I’d be very curious about who managed to sell this land to the county for its library and what review by site development engineers was in place. In the nineties I was the clerical support for the City of Portland’s site development team, becoming well aware of the kind of shenanigans that go on when someone wants to make some money and potential problems are “underground.” No doubt there are people who have good reasons for not wanting such shifty stuff to be investigated. When the librarian, Debbie Benedict, an eight-year veteran, was gone to a librarian’s conference, the carpets were shampooed, some kind of sealant was put on windows, and a trustee, acting as an individual, spread “essential oils” all around. It was a “smother-up.” Cosmetics in the face of possible structural problems.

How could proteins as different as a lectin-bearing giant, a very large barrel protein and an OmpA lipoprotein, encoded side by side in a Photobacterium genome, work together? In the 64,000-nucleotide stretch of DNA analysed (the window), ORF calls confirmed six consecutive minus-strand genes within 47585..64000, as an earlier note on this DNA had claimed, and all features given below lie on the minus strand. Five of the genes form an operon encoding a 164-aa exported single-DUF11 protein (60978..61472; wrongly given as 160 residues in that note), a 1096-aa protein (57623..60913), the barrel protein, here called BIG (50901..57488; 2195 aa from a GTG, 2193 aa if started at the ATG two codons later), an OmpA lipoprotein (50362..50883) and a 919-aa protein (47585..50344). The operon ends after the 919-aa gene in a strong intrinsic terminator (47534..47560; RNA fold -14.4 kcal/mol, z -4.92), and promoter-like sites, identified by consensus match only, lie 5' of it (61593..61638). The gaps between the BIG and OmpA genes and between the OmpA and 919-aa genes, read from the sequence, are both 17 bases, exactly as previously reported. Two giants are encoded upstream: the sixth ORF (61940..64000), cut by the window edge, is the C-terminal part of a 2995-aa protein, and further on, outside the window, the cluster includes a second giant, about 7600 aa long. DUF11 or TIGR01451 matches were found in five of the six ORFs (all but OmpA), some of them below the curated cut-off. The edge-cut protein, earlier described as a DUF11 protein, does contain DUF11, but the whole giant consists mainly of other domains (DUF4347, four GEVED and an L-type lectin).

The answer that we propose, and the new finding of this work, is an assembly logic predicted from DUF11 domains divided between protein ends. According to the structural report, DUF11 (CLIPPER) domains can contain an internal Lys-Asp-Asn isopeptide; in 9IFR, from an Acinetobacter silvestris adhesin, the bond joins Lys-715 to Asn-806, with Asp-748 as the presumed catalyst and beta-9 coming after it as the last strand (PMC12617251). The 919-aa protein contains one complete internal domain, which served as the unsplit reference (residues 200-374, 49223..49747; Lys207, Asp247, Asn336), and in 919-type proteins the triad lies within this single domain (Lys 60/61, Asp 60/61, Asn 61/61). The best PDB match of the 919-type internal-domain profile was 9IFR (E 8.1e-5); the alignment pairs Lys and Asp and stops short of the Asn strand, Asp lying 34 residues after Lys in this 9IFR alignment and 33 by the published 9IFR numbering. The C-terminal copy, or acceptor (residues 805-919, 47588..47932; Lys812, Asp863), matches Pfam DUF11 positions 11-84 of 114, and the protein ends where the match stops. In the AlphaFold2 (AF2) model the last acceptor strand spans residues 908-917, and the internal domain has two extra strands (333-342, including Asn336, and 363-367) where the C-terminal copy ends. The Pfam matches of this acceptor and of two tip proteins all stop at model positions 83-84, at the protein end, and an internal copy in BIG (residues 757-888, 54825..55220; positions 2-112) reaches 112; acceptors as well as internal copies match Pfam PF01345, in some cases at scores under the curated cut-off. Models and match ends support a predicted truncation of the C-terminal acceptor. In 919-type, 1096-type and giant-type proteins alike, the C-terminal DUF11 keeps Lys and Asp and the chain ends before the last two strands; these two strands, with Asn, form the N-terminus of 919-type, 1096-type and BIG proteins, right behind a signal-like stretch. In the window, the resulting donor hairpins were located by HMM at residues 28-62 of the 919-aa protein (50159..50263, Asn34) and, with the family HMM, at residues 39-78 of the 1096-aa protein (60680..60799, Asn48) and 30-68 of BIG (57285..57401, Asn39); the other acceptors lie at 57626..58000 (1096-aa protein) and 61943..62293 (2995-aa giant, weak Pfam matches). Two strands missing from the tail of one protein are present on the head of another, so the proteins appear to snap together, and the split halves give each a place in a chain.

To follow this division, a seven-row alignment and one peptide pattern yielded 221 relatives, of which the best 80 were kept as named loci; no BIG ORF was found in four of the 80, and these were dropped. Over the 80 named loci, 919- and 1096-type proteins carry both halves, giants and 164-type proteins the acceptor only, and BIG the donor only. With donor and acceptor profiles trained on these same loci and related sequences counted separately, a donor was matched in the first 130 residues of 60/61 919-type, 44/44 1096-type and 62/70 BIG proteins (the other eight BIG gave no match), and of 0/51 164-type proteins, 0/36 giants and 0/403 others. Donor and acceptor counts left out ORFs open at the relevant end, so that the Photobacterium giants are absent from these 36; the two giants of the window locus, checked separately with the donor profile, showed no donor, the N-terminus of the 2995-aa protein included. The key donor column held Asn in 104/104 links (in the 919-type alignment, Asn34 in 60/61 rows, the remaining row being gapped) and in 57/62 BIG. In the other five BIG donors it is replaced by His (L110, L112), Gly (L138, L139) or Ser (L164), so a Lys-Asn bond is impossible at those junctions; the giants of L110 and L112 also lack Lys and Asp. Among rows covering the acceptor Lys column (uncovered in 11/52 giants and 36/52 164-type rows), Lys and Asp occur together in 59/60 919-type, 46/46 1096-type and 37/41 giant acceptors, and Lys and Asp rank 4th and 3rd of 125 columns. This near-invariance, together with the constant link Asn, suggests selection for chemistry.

If I were a member of the Friends of the Library in Meagher County, I would be thinking about moving the whole shebang to a different building or maybe even a different town in the county. If the county officials would not support that, perhaps it is time for a private library foundation separate from their oversight, even in another town. Possibilities include Martinsdale, Checkerboard, Lennep or Ringling.
Checkerboard and Lennep are pretty small and not incorporated but there’s a lot of land for sale. "Martinsdale was the home of the poet Grace Stone Coates, author of Black Cherries, Mead & Mangel-Wurzel, and Portulacas in the Wheat. It was also the home of Charles M. Bair one of the largest and most successful sheep ranchers in the United States, and the former Bair family home is now a museum. Ringling is perhaps best known as the setting for portions of Ivan Doig’s 1979 book, This House of Sky. The town was also the subject of the Jimmy Buffett song "Ringling, Ringling" featured on his 1974 album Living and Dying in 3/4 Time." Ringling is on highway 89 and in the path of “Chinook” winds, so gets a bit of winter warming. Looks like Martinsdale or Ringling are good candidates.